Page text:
For 15 years, Mary Pritchard was a nursing home ombudsman in Schenectady in the early days of the program meant to protect residents in communal care.

“We were not advocating for the family, we were not advocating for the health department, just the residents within the nursing home,” she said in an interview on Tuesday.

What You Need To Know

  • Nursing home visitors have been barred since March.
  • But that’s changing this week as visitors will be allowed on a limited basis
  • This means a second set of eyes will be there for residents, potentially improving their health and well-being.

Nursing homes have been closed to visitors and independent inspectors since March as the coronavirus pandemic began to spread. That’s changing on Wednesday as nursing homes and long term care facilities will once again be allowed to have visitors on a limited basis.

The nursing home ombudsman program, designed to be an independent eyes and ears for residents, is also restarting this week. But Pritchard is worried the program in recent years has not been as independent and needs to be strengthened.

“We did it because we were truly supporting the various people that were in the nursing homes,” she said. “Sometimes that was a very hard thing to do, but we got results.”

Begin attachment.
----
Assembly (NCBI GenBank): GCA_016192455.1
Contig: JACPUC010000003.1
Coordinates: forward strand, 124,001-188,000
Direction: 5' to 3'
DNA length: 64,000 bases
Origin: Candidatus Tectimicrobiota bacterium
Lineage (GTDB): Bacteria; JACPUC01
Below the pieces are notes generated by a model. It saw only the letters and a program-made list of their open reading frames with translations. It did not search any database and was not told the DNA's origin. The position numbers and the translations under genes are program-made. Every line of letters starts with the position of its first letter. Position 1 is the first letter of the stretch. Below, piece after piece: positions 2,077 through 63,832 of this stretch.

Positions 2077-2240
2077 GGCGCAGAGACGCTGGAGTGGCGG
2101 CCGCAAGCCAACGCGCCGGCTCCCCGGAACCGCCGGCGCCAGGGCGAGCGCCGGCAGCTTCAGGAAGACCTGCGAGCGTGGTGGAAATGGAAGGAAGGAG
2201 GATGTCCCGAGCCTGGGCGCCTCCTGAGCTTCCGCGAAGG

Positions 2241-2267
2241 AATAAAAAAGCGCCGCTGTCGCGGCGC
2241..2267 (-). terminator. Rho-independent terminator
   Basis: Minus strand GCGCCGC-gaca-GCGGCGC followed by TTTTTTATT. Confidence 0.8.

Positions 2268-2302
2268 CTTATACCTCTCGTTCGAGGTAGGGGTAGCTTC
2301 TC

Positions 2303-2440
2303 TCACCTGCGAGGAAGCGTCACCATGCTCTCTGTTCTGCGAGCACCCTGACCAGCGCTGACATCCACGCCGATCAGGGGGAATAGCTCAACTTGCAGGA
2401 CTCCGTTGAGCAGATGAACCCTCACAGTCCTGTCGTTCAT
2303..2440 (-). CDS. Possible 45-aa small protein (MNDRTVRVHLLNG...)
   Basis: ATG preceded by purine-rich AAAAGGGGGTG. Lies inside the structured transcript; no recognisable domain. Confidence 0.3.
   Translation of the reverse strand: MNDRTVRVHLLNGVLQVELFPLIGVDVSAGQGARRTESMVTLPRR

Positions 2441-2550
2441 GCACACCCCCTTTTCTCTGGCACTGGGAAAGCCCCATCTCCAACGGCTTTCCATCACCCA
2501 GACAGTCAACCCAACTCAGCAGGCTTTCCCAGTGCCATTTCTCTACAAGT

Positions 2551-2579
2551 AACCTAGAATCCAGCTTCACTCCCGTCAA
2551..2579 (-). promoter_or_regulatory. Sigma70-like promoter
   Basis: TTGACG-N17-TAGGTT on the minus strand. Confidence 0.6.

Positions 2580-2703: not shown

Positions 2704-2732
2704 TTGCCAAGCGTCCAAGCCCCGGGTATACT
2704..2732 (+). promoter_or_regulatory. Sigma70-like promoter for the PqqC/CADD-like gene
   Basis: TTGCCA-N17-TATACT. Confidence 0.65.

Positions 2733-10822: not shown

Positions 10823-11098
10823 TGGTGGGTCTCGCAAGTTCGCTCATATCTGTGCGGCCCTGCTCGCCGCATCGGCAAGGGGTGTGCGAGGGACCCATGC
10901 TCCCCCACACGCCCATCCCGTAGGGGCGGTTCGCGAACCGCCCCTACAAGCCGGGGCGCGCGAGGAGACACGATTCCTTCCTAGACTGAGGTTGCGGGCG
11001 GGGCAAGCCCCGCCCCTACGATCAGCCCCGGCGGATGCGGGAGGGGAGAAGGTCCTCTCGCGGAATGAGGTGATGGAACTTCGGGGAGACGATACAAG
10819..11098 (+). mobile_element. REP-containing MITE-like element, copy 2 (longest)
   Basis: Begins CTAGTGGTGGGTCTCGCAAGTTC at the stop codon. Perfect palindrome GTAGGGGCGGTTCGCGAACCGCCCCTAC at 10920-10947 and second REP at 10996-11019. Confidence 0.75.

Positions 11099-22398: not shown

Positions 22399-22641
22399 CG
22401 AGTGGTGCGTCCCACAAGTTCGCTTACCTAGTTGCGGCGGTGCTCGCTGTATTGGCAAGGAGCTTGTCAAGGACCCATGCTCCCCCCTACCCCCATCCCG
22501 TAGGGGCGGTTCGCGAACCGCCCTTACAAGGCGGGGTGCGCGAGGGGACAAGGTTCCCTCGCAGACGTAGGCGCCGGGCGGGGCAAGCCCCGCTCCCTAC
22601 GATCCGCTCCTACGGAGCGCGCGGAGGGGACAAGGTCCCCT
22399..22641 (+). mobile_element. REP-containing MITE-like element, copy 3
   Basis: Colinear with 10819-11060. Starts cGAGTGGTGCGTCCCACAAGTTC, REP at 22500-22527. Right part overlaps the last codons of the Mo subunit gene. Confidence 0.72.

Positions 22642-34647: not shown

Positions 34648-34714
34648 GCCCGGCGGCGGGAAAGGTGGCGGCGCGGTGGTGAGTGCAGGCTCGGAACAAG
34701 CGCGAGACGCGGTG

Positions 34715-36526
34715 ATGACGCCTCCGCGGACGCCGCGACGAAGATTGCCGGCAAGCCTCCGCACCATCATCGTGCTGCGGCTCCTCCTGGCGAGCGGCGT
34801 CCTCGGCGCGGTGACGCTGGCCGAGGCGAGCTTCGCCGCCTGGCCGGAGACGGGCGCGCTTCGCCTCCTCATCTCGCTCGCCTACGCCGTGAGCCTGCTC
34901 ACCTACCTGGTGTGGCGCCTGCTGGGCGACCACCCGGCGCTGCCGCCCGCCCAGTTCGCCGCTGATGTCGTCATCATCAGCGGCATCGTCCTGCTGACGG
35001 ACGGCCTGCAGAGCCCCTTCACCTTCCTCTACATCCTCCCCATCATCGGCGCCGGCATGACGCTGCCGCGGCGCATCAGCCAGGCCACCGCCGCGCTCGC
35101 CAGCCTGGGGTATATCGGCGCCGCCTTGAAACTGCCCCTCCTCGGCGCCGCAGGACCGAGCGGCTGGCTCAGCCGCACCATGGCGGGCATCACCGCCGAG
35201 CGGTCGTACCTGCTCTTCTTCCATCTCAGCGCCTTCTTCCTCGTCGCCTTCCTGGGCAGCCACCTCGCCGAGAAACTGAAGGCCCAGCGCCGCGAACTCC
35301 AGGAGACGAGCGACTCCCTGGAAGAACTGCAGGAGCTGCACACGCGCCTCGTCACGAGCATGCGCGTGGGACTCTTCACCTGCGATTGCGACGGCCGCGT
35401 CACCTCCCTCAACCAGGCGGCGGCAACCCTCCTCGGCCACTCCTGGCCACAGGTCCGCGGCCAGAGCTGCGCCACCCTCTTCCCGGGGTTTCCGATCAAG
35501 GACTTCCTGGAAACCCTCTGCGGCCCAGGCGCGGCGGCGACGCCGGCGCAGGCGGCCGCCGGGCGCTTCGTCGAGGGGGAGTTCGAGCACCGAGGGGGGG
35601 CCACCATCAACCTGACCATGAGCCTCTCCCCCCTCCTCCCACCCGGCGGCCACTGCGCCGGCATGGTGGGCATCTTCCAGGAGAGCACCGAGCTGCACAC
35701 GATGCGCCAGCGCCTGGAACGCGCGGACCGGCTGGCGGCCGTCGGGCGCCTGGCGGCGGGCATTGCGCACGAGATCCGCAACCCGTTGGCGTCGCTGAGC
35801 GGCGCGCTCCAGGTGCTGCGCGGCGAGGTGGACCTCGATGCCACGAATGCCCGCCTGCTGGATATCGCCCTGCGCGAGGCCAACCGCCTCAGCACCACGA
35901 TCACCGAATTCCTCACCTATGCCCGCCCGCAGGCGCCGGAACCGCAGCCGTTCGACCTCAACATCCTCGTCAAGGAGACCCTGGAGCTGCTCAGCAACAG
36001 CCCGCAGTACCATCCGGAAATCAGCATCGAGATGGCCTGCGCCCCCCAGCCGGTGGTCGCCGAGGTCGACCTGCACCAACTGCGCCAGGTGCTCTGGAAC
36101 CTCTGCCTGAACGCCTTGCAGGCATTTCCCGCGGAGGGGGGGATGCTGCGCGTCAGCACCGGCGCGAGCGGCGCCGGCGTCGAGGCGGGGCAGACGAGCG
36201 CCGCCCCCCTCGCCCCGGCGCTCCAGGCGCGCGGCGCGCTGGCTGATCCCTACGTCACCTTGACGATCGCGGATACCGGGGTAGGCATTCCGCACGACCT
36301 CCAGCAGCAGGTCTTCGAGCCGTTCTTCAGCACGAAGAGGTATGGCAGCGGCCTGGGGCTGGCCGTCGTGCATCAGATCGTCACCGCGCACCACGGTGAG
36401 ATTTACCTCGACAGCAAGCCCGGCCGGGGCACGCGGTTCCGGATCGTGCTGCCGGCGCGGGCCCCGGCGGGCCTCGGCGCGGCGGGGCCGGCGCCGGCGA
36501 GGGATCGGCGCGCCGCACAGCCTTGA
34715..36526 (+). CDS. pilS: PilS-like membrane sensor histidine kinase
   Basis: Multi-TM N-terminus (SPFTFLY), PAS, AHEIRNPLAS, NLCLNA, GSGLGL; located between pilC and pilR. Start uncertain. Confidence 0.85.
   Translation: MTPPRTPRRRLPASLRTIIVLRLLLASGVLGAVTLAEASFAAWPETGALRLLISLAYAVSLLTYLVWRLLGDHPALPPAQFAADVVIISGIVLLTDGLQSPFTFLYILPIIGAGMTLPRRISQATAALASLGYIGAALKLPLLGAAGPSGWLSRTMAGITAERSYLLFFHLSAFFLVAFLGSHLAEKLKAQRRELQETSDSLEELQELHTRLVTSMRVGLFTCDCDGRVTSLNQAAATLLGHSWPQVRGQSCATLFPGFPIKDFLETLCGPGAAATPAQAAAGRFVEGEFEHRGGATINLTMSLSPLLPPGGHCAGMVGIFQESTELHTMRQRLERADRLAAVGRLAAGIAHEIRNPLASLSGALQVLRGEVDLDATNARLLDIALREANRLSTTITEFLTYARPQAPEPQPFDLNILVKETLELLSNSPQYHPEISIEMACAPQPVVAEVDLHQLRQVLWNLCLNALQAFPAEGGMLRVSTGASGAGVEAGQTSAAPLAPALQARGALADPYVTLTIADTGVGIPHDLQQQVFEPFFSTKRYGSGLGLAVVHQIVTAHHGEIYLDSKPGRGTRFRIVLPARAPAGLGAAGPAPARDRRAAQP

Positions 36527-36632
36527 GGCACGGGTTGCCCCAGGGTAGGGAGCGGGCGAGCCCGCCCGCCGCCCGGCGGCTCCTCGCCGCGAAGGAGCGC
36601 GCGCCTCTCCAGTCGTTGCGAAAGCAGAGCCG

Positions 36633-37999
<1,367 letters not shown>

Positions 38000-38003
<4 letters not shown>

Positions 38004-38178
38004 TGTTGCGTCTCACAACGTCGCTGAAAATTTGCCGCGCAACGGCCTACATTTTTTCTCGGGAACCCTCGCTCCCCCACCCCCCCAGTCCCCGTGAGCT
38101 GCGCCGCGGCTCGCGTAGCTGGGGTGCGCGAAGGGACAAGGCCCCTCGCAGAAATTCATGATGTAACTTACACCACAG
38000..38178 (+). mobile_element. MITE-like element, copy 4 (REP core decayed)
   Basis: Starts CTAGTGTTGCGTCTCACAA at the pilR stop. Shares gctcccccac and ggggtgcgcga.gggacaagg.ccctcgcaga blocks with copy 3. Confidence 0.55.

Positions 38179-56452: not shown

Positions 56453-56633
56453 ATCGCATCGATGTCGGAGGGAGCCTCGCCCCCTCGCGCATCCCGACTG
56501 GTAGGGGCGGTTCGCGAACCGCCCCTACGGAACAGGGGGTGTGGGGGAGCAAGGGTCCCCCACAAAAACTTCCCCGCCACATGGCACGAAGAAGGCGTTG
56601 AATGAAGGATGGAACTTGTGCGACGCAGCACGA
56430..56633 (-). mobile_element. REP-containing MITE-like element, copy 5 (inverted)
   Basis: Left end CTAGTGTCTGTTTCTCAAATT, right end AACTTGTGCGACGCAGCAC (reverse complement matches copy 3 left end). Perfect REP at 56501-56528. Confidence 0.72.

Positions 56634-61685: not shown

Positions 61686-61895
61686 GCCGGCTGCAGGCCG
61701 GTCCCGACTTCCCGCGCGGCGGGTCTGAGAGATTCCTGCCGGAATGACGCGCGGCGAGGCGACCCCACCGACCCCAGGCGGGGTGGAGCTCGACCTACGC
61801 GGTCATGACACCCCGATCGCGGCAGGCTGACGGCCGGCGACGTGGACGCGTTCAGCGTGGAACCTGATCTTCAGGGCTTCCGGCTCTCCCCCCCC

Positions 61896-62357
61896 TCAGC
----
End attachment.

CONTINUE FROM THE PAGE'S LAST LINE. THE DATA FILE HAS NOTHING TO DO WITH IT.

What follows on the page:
Visitors have been barred from visiting nursing home residents for the last five months. Since then, more than 6,300 residents have died of COVID-19 or have had deaths likely related to the disease.

The number may also be much higher and legislative hearings are planned for next month on the issue.

But allowing visitors back in, advocates say, will help improve the health and safety of residents, especially those who have cognitive issues.

“It makes all the difference to have a loved one come and somebody who cares about you and your well being to be there,” said Maria Alvarez, the executive director of the Statewide Senior Action Council.

And like the ombudsman program, having visitors will also serve as a check in for residents’ health.

“Somebody who comes in is also another set of eyes to see how that person’s treatment is going and if there are any other needs that are not being seen,” Alvarez said.

But changes are needed, especially if there is a second wave of coronavirus cases or ahead of the next pandemic. Communal care facilities face unique challenges that have made their resident even more vulnerable.

“This pandemic unfortunately has shown a spotlight on what happens when you don’t have safe staffing and the proper protections in order like PPE,” Alvarez said.